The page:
Excerpted from 500 Treasured Country Recipes, by Martha Storey
Sourdough starters are available in some health food and specialty stores, but it's easy to make your own.

Simple Solution:
There are several ways. Dissolve 1 tablespoon dry yeast and 2 tablespoons honey in 2 cups warm water in a glass, plastic, or crockery bowl. Stir in 2 cups unbleached white flour; cover with a towel and let sit in a warm place for several days, or until foamy and soured. Store in a covered jar in the refrigerator.

Warning: Use a bowl big enough to contain what may be a startling degree of expansion.

If you don't use your starter for a week, you'll need to feed it. First, remove 1/2 to 1 cup of the original stater. Throw it away, give it away, or use it. Stir in a mixture of 1 cup flour, 1 cup warm liquid (milk or water), and a little sugar (optional). Let sit at room temperature for a few hours; stir and refrigerate.

Then use this recipe -

Sourdough French Bread
Yields 4 small loaves or 14 rolls

6 cups unbleached organic whole grain white flour, divided
1/2 to 1 cup coarse whole-wheat flour
3 teaspoons salt, divided
2 3/4 cups warm water, divided (at about 100 degrees F)
1 cup Sourdough Starter (see below)
1 teaspoon baker's yeast
2 tablespoons olive oil
1/3 cup cornmeal

Mix a sponge the night before you plant to bake, by combining 3 cups white flour and the whole-wheat flour with 2 teaspoons salt, 2 cups water, and the sourdough starter. Mix. Cover with a towel and let sit for 10 to 18 hours.

The next morning, prepare the final dough by adding another 3 cups of white flour, 3/4 cup warm water, 1 teaspoon salt, and the yeast.

Using a mixer with a dough hook or food processor with a metal blade, mix at low speed for 2 minutes and then at medium speed for 6 minutes. Turn out onto a floured board and knead by hand until the desired consistency is obtained. Add flour as necessary during the mixing. Place the dough into a large bowl that has been coated with olive oil, making sure that the top of the dough is also coated so that it does not become dry. Cover the bowl with a towel, and allow to rise to two or three times the original volume. The speed of the rise can be altered or halted by changing the ambient temperature; the cooler the temperature in the rising area, the slower the rise. The dough can also be placed in the refrigerator to finish rising at a later date.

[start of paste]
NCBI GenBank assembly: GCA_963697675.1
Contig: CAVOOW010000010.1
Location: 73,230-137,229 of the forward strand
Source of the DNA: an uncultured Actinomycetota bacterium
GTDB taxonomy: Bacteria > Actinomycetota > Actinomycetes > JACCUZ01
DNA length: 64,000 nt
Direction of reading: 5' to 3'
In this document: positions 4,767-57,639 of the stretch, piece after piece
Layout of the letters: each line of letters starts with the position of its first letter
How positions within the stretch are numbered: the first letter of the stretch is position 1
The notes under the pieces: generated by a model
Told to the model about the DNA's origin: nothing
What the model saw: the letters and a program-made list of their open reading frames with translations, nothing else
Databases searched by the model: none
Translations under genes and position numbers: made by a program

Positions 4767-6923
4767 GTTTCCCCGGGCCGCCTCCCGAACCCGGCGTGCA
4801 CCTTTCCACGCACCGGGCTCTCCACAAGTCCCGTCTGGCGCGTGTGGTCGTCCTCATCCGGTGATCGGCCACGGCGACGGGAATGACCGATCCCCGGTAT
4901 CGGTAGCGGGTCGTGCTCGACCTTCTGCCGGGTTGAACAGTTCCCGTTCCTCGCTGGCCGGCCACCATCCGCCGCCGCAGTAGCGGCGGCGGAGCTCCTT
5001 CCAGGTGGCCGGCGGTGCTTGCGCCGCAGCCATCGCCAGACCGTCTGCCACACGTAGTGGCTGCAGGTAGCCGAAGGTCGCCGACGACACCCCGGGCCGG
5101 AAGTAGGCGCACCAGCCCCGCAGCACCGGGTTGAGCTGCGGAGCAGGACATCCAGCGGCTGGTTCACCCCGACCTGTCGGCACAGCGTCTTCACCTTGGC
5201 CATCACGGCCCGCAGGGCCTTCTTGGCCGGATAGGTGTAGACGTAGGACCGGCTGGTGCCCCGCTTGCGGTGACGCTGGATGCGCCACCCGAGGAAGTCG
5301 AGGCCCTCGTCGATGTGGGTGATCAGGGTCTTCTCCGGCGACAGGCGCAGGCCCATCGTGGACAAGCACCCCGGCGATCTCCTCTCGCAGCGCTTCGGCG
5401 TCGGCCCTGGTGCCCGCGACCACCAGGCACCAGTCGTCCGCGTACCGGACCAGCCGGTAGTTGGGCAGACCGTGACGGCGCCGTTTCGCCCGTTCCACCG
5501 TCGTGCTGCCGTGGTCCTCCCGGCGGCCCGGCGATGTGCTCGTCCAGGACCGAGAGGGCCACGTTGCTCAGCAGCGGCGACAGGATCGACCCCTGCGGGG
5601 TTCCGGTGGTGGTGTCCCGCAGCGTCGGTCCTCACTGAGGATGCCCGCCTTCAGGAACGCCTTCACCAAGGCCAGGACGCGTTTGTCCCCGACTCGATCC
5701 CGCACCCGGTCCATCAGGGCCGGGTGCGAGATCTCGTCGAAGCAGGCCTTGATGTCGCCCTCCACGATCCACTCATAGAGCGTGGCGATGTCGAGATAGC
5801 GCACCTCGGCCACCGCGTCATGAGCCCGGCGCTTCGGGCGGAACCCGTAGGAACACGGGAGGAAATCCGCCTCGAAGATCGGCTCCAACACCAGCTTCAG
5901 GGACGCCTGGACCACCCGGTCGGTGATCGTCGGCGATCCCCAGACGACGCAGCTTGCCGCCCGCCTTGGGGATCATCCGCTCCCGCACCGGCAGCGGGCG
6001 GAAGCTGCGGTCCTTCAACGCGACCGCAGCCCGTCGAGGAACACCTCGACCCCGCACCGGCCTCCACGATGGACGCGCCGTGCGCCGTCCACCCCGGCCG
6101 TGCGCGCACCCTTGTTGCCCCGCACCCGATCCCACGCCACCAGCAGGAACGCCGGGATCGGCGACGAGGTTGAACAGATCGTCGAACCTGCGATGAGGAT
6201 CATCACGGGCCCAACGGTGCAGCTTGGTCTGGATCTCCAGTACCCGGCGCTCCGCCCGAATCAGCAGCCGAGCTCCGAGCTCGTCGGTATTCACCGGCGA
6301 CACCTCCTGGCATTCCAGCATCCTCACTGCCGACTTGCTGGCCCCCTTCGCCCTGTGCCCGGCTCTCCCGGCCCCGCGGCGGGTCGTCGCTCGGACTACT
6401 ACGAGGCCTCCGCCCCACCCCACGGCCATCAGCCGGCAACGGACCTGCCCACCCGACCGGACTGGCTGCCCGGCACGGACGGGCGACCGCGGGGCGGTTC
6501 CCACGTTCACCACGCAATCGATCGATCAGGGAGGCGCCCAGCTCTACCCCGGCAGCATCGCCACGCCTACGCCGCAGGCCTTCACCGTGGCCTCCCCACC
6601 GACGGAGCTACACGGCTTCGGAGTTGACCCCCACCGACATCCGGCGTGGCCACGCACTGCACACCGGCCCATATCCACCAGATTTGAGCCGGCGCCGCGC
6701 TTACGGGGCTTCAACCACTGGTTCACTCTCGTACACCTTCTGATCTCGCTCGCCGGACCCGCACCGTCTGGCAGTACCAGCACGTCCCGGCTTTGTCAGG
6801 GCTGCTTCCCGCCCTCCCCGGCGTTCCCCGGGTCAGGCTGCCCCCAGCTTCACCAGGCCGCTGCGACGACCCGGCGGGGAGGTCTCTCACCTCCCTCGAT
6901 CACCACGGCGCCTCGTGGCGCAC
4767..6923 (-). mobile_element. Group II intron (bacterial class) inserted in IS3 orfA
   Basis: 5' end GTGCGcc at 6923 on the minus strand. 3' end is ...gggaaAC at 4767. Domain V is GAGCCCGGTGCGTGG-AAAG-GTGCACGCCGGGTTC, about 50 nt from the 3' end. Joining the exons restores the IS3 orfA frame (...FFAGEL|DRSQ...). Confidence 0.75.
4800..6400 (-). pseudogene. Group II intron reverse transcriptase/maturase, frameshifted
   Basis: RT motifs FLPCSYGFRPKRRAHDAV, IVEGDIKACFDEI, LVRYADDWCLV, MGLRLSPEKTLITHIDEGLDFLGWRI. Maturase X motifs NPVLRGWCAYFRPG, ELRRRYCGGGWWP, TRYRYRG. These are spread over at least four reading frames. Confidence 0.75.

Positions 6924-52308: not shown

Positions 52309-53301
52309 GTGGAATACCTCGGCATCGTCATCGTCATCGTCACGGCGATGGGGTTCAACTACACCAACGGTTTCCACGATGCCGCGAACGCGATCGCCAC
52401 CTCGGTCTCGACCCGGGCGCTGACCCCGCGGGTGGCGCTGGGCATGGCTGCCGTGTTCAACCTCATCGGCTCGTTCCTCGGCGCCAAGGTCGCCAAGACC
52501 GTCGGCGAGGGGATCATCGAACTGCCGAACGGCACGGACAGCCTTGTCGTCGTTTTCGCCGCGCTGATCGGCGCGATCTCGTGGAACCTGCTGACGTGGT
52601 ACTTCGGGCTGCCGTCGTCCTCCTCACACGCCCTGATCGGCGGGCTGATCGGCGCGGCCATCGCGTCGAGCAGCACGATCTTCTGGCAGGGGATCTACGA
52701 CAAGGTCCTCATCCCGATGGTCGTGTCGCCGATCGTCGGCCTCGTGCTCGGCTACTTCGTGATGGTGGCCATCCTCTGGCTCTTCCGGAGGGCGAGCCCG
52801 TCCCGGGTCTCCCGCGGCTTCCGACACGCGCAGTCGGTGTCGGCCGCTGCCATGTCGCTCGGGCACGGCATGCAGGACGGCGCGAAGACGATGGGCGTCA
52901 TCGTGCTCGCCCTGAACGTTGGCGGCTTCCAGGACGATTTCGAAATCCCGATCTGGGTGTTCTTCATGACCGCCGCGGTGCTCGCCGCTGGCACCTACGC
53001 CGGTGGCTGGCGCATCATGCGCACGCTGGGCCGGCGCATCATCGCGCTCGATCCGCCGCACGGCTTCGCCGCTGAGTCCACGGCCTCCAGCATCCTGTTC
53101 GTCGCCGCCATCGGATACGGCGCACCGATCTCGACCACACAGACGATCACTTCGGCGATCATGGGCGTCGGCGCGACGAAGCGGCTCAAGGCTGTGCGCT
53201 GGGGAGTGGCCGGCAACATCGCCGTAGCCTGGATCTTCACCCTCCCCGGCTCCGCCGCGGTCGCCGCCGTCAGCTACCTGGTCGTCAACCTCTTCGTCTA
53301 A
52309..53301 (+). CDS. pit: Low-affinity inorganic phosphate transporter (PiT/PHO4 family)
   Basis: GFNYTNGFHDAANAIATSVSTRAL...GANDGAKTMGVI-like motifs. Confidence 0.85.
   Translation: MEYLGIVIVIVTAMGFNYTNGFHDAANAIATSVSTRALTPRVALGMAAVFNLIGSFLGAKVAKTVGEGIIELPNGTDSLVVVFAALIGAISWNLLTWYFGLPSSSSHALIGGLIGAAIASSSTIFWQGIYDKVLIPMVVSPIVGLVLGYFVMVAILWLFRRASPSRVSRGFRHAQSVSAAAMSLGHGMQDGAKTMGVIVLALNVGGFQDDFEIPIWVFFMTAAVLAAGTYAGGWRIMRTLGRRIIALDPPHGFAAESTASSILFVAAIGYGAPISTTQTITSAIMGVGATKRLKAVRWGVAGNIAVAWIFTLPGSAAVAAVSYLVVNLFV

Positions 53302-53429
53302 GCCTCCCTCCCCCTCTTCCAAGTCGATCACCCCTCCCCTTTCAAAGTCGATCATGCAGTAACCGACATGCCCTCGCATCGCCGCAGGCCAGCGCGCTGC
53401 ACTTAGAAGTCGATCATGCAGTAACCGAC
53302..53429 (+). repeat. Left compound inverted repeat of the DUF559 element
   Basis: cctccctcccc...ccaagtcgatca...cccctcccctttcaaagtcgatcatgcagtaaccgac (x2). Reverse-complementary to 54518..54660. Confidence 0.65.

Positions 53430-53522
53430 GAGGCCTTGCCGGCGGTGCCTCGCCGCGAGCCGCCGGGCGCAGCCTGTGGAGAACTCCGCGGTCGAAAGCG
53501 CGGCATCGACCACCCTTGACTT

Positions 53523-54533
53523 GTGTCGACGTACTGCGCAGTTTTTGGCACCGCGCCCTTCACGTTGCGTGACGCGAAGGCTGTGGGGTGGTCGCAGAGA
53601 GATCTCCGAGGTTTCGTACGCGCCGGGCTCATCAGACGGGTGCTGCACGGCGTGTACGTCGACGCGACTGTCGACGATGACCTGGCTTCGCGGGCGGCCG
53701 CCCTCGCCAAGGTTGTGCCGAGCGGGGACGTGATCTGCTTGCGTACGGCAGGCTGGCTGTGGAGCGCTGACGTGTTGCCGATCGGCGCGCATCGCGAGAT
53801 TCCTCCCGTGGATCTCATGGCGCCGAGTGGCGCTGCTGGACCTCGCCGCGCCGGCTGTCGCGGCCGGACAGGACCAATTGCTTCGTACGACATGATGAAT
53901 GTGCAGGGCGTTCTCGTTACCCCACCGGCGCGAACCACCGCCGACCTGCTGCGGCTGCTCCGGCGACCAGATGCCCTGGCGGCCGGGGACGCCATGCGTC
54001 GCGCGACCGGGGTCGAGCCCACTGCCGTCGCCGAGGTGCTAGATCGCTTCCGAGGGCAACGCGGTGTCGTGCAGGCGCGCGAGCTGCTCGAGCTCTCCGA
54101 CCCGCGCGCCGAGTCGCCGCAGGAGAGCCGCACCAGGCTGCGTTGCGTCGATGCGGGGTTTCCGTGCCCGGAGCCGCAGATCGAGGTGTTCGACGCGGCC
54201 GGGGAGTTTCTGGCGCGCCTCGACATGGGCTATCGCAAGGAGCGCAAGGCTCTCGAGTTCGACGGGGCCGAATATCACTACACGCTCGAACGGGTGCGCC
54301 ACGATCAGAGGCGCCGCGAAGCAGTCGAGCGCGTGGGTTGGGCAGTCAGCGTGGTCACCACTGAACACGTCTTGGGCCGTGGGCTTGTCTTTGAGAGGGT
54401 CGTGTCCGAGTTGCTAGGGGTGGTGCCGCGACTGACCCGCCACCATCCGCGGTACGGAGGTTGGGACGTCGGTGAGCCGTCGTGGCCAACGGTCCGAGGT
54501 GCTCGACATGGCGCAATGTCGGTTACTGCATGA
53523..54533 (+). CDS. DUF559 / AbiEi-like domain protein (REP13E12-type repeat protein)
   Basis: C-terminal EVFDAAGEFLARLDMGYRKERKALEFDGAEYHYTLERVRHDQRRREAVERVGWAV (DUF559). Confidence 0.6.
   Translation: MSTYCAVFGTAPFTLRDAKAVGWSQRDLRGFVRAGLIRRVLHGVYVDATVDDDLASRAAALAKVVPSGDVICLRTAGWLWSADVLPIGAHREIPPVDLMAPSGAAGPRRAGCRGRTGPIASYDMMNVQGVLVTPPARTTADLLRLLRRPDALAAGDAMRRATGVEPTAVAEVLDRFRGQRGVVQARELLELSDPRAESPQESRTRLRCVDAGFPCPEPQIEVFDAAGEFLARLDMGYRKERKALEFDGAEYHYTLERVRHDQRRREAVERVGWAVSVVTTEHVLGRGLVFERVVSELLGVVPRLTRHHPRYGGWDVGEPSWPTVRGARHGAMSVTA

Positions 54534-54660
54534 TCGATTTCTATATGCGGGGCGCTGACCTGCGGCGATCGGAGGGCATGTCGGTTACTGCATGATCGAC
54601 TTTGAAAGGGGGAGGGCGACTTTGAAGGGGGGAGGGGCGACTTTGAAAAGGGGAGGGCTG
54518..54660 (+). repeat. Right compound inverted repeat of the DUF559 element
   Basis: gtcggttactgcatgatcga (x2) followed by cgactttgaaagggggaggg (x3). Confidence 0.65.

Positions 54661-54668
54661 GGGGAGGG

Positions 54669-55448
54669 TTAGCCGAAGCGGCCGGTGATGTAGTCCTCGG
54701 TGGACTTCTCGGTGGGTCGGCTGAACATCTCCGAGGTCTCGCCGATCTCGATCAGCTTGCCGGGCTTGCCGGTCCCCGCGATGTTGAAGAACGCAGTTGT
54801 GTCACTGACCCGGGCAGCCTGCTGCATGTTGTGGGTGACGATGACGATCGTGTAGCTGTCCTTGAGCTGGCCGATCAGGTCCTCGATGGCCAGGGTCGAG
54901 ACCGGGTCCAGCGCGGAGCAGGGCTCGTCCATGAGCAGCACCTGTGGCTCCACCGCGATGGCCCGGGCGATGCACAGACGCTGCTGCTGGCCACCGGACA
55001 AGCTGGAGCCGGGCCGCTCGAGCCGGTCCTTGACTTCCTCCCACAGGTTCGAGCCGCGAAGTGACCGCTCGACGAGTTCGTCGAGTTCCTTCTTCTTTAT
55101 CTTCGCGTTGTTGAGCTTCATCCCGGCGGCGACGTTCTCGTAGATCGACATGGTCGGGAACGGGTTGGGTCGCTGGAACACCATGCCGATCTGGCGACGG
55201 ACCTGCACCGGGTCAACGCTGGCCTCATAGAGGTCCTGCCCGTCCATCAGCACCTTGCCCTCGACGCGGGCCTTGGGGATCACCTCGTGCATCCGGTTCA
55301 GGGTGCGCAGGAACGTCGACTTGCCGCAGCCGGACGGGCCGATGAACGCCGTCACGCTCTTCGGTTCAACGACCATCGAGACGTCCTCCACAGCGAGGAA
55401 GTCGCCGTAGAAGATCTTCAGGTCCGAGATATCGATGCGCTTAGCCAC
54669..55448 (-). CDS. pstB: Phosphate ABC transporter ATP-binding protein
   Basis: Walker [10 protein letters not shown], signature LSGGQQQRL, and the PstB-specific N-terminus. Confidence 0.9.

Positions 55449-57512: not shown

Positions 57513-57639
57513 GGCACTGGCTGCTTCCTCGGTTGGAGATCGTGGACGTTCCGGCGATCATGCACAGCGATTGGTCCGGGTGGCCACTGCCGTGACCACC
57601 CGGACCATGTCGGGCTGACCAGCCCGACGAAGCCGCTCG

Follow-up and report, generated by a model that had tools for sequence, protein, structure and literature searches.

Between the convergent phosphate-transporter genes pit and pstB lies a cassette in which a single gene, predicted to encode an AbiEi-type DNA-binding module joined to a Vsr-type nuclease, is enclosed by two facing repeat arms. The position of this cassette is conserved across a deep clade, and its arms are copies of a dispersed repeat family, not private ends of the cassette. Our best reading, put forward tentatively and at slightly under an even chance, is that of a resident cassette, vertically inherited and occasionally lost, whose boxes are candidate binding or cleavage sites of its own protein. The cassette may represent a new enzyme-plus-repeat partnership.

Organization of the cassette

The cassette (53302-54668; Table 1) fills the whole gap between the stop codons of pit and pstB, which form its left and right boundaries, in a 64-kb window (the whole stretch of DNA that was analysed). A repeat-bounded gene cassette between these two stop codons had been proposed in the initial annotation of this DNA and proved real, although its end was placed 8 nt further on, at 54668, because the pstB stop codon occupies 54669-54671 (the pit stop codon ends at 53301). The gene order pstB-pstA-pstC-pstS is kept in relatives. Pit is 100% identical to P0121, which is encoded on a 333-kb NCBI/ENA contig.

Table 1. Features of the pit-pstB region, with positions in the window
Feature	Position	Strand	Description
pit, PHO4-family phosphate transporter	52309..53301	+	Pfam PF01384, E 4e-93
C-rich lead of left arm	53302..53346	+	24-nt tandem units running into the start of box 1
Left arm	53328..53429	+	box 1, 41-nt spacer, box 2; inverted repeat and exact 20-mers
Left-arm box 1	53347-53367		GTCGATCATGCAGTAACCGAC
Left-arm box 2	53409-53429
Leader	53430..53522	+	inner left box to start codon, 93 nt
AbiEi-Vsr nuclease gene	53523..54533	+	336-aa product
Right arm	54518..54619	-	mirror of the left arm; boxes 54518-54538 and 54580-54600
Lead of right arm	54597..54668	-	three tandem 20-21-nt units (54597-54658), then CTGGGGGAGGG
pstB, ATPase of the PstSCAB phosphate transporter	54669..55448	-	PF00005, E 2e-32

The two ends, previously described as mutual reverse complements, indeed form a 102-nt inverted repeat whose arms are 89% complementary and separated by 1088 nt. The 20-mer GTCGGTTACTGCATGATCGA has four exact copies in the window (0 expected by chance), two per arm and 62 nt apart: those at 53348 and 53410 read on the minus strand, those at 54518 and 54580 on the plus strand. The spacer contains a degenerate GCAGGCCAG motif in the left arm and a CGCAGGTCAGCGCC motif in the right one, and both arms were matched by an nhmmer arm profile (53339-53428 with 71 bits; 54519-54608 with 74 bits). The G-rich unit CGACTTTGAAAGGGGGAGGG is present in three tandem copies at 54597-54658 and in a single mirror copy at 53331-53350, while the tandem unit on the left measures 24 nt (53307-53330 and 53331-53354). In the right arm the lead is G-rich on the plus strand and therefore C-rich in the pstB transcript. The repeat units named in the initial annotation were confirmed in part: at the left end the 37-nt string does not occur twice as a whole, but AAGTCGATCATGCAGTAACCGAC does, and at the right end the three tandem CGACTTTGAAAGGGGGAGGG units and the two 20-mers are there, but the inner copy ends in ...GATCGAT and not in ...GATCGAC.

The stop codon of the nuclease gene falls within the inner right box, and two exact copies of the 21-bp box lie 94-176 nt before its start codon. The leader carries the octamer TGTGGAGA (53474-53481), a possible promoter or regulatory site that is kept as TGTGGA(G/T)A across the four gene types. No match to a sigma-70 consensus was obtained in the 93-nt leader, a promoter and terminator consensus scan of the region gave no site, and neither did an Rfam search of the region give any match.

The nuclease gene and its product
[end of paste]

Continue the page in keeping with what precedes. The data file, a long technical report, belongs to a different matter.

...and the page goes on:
Punch the dough down briefly. Dump it again onto a floured board. Cut into loaf-sized pieces. You'll learn to form the loaves or rolls that suit you best. I usually bake two small round loaves and about eight rolls. I place the loaves on an oven sheet sprinkled with cornmeal, cover with a towel, and allow to rise a second time, at least 1 hour.

Heat the oven to 425 degrees F. Slash the top of the loaves with a razor or scalpel blade. Place into the preheated oven. Spray every 2 minutes with water until the bread has baked for 10 minutes. Then lower the temperature to 350 degrees F and bake another 15 minutes. Remove the bread from the sheet, and allow to cool on a rack.
Last night, about 8, I dumped some flour in this jar, plus a package of Fleischmann's Rapid Rise Yeast, and poured in a cup and a half or tepid water. Stirred, put a single layer of paper napkin on top, and barely starteed the ring. The purpose of covering the starer is to keep foreign matter - flies, etc., out, and to reduce the rate of evaporation, while still allowing the jar to "breathe".


Now it is 5 o'clock - a mere 21 hours later, and I just checked it. Already has that great, sort of sour yeasty smell. Nice and foamy, too. That yeast is munching away happly - and dividing intom more yeast cells. By the third or fourth day, it should be loaded with yeast cvells (The real purpose of sourdough) and should smell great. Kitchen temp varies from about 60 at nite to 75 during the day.

Stay tuned

Day two: The aroma is stronger and more "sour". I think the starter will be rady by tomorow - certainly by Saturday.

Swirled the jar in lieu of stirring. Looks good!
Nine O'clock Saturday morning. Poured the sourdough starter (Nice sour-yeast aroma) into a mixing bowl, added 2 cups flour, tsp salt, mixed and kneaded with the Kitchenaid Mixer for ten minutes. Nice soft, slightly sticky dough.

Formed it into a long roll about an 1 1/2" in diameter, covered and let rise 'til doubled. Slashed top three places.

Baked at 375 for 45 minutes, cooled on wire rack.


Beautiful day, so lunch in the garden again: pot-au-feu, sourdough french bread, chocolate mousse, and cabernet sauvignon. Roses blooming, birds singing,and fliting around, dog at my feet , and BW across the table. Hard to beat!

A pretty good, RUSTIC sourdough loaf - Just flour, yeast, salt, and water.

Not a strong a sourrdough flavor as i prefer. Next time I'll use two cups of flour in the starter instead of the one.

Really quick and easy. Only a very few minutes actively working, the rest was waiting time.